In a good news for farmers and the country, Skymet, the private weather forecaster, has predicted a normal monsoon with 102% rains during June to September.
The El Nino is expected to have no negative impact on Indian monsoon and normal rains will follow, said Skymet on Thursday.
Skymet said it expects 102% rains during the monsoon season (June to September), which is within the 96%-104% normal range. The forecast has an error margin of 4%.
“The monsoon onset is expected to be early, around May 27, and fairly strong. Pre-monsoon rain will also be strong across the country. Unseasonal rain will continue well into May,” a Skymet release said.
India’s grain-bowl belt, Punjab, Haryana and west UP are expected to receive good monsoon showers, said the agency.
The forecast comes despite predictions by international agencies that El Nino conditions would continue through summer and into this year’s autumn season. During an El Nino, waters in east and central equatorial Pacific heat up abnormally, leading to changes in wind patterns that affect the Indian monsoon.
Skymet CEO Jatin Singh said “We do not think El Nino will impact the monsoon this year. That’s because the El Nino is expected to peak before June and would be in the devolving phase during the rainy season”.
For this year, Skymet has given a 49% chance of a normal monsoon (96%-104% of average) and a 25% probability of above normal rains (105%-110%). The chances of below normal rains (90%-95%) are seen at 16% while the odds of a drought are a mere 2%.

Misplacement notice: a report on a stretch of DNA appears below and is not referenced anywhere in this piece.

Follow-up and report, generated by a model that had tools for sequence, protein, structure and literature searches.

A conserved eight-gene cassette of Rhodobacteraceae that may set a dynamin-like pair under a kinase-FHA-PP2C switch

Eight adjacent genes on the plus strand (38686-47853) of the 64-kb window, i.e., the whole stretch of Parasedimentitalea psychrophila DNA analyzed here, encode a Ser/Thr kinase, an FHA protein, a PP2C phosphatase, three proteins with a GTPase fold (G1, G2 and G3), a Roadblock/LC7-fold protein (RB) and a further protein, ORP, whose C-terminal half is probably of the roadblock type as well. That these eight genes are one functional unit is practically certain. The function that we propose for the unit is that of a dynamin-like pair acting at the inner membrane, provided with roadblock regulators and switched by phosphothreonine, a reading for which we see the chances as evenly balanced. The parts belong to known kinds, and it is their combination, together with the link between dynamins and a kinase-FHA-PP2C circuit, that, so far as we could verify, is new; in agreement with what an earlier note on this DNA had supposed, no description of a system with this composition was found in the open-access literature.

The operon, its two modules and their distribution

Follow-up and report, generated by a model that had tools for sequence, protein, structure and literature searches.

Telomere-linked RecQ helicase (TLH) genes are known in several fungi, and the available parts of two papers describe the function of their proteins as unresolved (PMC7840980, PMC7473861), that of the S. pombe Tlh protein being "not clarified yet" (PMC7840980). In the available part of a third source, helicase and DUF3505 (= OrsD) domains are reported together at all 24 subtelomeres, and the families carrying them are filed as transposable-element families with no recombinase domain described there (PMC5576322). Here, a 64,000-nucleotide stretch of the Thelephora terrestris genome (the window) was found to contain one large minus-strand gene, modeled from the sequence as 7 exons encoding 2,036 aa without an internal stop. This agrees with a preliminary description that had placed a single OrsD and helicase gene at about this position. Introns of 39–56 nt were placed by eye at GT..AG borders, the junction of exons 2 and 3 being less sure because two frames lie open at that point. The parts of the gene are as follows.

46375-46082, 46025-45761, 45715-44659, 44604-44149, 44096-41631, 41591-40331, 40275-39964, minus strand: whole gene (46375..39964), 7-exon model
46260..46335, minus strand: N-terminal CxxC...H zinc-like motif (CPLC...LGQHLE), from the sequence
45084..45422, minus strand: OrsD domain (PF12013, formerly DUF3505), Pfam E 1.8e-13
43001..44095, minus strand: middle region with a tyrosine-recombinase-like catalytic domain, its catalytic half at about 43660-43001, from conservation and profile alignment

The agency expects good rains in June and July at 107% and 104% of the average, respectively. August (99%) and September (96%) should also see normal rainfall in the country, it said.
The monsoon, which supplies over 80% of India’s annual rainfall, is crucial for the country’s economy and crops.
For a region that is the epicentre of crop fire burning, Punjab is exhibiting fairly comfortable levels of air quality index (AQI) while many parts of Delhi NCR, Haryana and Uttar Pradesh are showing elevated air pollution levels.
As par data collated from the Central Pollution Control Board (CPCB) for November 7, cities in Punjab except Jalandhar are all in the satisfactory to moderate category – Amritsar (154), Bathinda (102), Khanna (89), Ludhiana (142), Mandi Gobindgarh (119) and Patiala (66).
Only Jalandhar is in the poor category with AQI count of 217. The joint capital, Chandigarh is at 86 in the satisfactory category of AQI.
These cities are in the vicinity of stubble burning but are showing relatively good AQI counts possibly because the smoke plume is getting a ballast with the wind conditions being northwestern at many times.
Punjab has seen the highest incidence of stubble burning incidents. According to Agriculture Ministry data, there have been 25,366 incidents in the current year, down 8.7 per cent from last year’s number of 27,584. Compared to Punjab, such incidents in Haryana are much less, 4,414 in the current year, down from 5,000 last year. In Uttar Pradesh, stubble burning incidents have reduced drastically by 48.2 per cent from 3,133 to 1,622 in the current year.